The materials sector is one of the smallest sector weights in the S&P 500, but that is not preventing the group from generating big returns in June. The Materials Select Sector SPDR Fund (XLB), the largest exchange traded fund dedicated to materials stocks, entered Thursday with a month-to-date gain of 7.20%.

The basic materials sector is a category of equities that represent companies involved in the discovery, development, and processing of raw materials. The sector includes companies engaged in mining and metal refining, chemical products, and forestry products.

Companies in this sector supply most of the materials used in construction and development. As a result, they are sensitive to changes in the business cycle and tend to thrive when the economy is strong.

“In fact, the materials group, the sector that tends to be the most sensitive to global economic growth expectations, is on track for its best monthly gain since October of 2015, when it soared 13.45%, according to Dow Jones Market Data,” reports MarketWatch.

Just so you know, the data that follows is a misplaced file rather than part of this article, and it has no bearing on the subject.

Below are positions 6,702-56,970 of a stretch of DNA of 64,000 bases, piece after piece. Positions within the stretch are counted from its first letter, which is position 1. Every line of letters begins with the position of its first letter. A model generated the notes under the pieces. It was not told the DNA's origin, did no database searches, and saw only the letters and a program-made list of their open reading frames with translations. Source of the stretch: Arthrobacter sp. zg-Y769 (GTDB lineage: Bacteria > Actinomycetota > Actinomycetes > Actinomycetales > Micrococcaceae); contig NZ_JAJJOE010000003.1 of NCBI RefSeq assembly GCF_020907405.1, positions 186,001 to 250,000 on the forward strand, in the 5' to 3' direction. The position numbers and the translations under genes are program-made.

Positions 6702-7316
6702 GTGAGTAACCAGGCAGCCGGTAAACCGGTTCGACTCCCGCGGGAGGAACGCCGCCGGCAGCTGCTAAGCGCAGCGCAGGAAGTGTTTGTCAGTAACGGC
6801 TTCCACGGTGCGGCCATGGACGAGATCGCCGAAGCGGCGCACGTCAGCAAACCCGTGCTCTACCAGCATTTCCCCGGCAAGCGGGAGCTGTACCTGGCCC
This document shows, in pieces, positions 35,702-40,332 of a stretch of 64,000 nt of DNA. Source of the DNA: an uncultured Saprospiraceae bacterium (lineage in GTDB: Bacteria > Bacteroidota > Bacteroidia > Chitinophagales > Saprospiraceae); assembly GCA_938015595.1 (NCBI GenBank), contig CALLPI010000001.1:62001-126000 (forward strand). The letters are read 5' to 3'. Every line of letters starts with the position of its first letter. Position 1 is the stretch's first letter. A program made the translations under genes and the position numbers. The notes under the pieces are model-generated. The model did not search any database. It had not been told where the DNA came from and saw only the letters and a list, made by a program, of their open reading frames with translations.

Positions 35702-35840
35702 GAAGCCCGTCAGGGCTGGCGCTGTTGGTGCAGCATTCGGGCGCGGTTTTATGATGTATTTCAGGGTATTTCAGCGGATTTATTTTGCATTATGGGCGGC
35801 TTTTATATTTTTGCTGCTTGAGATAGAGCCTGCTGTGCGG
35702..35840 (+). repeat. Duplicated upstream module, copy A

Materials: A Cyclical Sector

Materials is one of the most cyclical sectors and historically thrives in the business cycle’s later stages. XLB is up more than 14% this year. On a valuation standpoint, other areas like materials, industrials and energy appear attractive relative to the S&P 500.

“The materials sector had been the most beaten down as stock prices fell in May, but has started to show an outsize rebound because there is growing hope that global central banks will ease monetary policy, some Wall Street analysts argue,” according to MarketWatch.

Due to their close ties with the commodities market, materials stocks and ETFs are susceptible to cyclical demand and volatility in raw material and energy prices. While the sector’s sensitivity to business cycles can expose investors to greater risks, the area may also offer attractive returns during periods of strong growth.

XLB “seeks to provide precise exposure to companies in the chemical, construction material, containers and packaging, metals and mining, and paper and forest products industries,” according to State Street.

“Expectations in the U.S., as reflected by bets made on federal-funds futures, shows that investors are pricing in at least two rates cuts in 2019. And while the Federal Reserve hasn’t committed to cutting interest rates, Chairman Jerome Powell did say that he would consider adjusting policy to help sustain the economic expansion if trade policy tensions continue to intensify,” notes MarketWatch.

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